Campbell Douglas: empowering students to aspire, create and excel

Campbell Douglas, Principal, GEMS Wellington Academy - Al Khail

Campbell Douglas was appointed as the Principal & CEO of GEMS Wellington Academy – Al Khail in August 2020. A graduate of the University of Auckland, Campbell holds a Bachelor’s degree in Music and Masters in Educational Administration.

Prior to joining GEMS Wellington Academy – Al Khail, Douglas spent nine years in China where he led two schools for Dulwich College International, one in Zhuhai and one in Suzhou. At both of these schools the focus was very much on achieving outstanding academic results and ensuring placements at the world’s top universities for all students. 

Prior to his roles in China, he was Deputy Principal for a large urban secondary school in New Zealand with portfolio responsibility for curriculum, assessment and reporting, and ensuring the best possible outcomes for indigenous and minority cultures. 

Outside of school, Douglas, a firm believer in evidence-informed approaches to education, enjoys music, having previously conducted New Zealand productions of Phantom of the Opera, CATS and The Secret Garden, as well as having a research interest in Pacific Island culture, in particular, Samoa.

Douglas resides in Dubai with his wife, Marama, who is an Early Childhood teacher, daughter Holly and son Charlie.

Douglas spoke to Education Middle East about his journey as an educationist, some of the best global practices in education and the status of music in education. 

You have led schools in New Zealand, China and the UAE – can you tell us about some of the best practices in education in all these locations?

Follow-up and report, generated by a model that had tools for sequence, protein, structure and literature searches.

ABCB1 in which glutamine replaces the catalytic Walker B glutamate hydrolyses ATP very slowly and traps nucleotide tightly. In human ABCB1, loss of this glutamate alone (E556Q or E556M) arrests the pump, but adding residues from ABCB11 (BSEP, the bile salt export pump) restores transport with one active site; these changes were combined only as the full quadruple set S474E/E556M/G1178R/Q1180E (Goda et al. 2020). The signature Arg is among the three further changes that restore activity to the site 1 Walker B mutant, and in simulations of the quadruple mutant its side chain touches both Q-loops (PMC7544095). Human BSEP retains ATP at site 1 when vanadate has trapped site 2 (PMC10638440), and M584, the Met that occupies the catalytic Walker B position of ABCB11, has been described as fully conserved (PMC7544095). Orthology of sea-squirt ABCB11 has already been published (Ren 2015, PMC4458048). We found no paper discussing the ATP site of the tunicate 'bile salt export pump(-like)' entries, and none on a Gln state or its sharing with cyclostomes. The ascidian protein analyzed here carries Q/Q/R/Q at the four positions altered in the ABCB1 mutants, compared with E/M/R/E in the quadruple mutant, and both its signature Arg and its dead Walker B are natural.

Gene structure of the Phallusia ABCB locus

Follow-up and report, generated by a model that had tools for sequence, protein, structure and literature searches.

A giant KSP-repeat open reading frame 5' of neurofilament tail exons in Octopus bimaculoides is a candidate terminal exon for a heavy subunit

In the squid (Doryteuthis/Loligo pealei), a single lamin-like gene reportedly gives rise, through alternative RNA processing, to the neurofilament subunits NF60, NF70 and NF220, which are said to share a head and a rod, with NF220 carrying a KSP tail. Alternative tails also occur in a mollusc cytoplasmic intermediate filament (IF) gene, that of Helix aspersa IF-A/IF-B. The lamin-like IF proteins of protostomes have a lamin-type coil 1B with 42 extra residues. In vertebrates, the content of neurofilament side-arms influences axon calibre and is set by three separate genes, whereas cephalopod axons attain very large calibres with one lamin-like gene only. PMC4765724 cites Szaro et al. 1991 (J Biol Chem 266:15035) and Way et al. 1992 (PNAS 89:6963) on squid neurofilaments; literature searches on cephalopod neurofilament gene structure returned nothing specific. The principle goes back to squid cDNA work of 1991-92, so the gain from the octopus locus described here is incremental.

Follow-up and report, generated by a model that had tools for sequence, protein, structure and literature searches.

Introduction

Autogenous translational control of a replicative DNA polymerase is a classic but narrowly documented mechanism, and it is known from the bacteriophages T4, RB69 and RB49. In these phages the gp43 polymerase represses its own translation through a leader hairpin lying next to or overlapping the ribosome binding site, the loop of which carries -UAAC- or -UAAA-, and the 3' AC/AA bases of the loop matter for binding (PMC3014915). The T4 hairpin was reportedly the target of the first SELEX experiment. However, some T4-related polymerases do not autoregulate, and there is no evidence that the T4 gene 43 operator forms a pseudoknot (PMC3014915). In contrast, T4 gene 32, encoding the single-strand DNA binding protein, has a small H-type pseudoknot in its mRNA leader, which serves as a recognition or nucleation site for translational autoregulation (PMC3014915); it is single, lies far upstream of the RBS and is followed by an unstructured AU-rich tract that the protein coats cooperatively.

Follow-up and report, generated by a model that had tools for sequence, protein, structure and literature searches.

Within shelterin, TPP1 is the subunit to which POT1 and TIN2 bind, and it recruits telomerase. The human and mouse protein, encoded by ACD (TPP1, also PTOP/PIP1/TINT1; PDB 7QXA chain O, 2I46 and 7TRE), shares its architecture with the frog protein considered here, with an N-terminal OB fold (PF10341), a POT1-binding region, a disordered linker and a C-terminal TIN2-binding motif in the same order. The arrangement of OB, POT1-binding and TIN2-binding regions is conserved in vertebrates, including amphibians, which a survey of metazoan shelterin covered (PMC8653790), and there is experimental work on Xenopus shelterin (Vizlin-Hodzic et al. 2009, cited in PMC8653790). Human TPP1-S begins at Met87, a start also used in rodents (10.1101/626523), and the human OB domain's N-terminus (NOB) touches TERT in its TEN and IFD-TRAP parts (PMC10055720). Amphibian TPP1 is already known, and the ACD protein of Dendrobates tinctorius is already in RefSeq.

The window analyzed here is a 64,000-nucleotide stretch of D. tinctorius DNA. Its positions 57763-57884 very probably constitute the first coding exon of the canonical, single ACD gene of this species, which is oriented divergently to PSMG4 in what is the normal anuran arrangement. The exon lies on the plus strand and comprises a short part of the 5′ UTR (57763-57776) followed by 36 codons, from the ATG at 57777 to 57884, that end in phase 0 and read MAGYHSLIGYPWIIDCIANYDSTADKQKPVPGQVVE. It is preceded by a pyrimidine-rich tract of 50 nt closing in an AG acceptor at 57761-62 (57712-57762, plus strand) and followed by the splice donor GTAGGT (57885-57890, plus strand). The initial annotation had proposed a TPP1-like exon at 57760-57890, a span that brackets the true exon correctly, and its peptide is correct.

I have had the privilege of leading schools in New Zealand, China and the UAE and each context has not only presented itself with wonderful opportunities but a unique chance to look at what makes education ‘work’ in each of these contexts and to observe what best practice means in each of these areas of the world.

I think the first thing that stands out in the New Zealand context is the integration of the outdoors in learning. As a sparsely populated country with an amazing array of stunning natural outdoor environments and the benefits that it brings, particularly in relation to well-being and mental health, are many and varied. With easy access to bush, lakes, mountains, camping, the ocean and vast landscapes, outdoor education is a given for every New Zealand child from Kindergarten upwards. These experiences are not an add on at each stage of the education process but integrated throughout the curriculum in all different subject areas. While all schools around the world offer experiences outside the classroom and opportunities for students to have outdoor experiences, I think New Zealand is unmatched in its ability to fully immerse students in these experiences.

New Zealand also has a world-leading curriculum document that allows schools to shape their curriculum to their context and needs. The vision, values, principles and key competencies are all very clear, as are the achievement objectives for each learning area. However, it is up to each individual school to ensure the curriculum document works for them and their context. How each of these aspects is shaped is in the hands of schools and their communities – this leads to a real focus on personalisation and ensuring the needs of individual students are met at a more local level.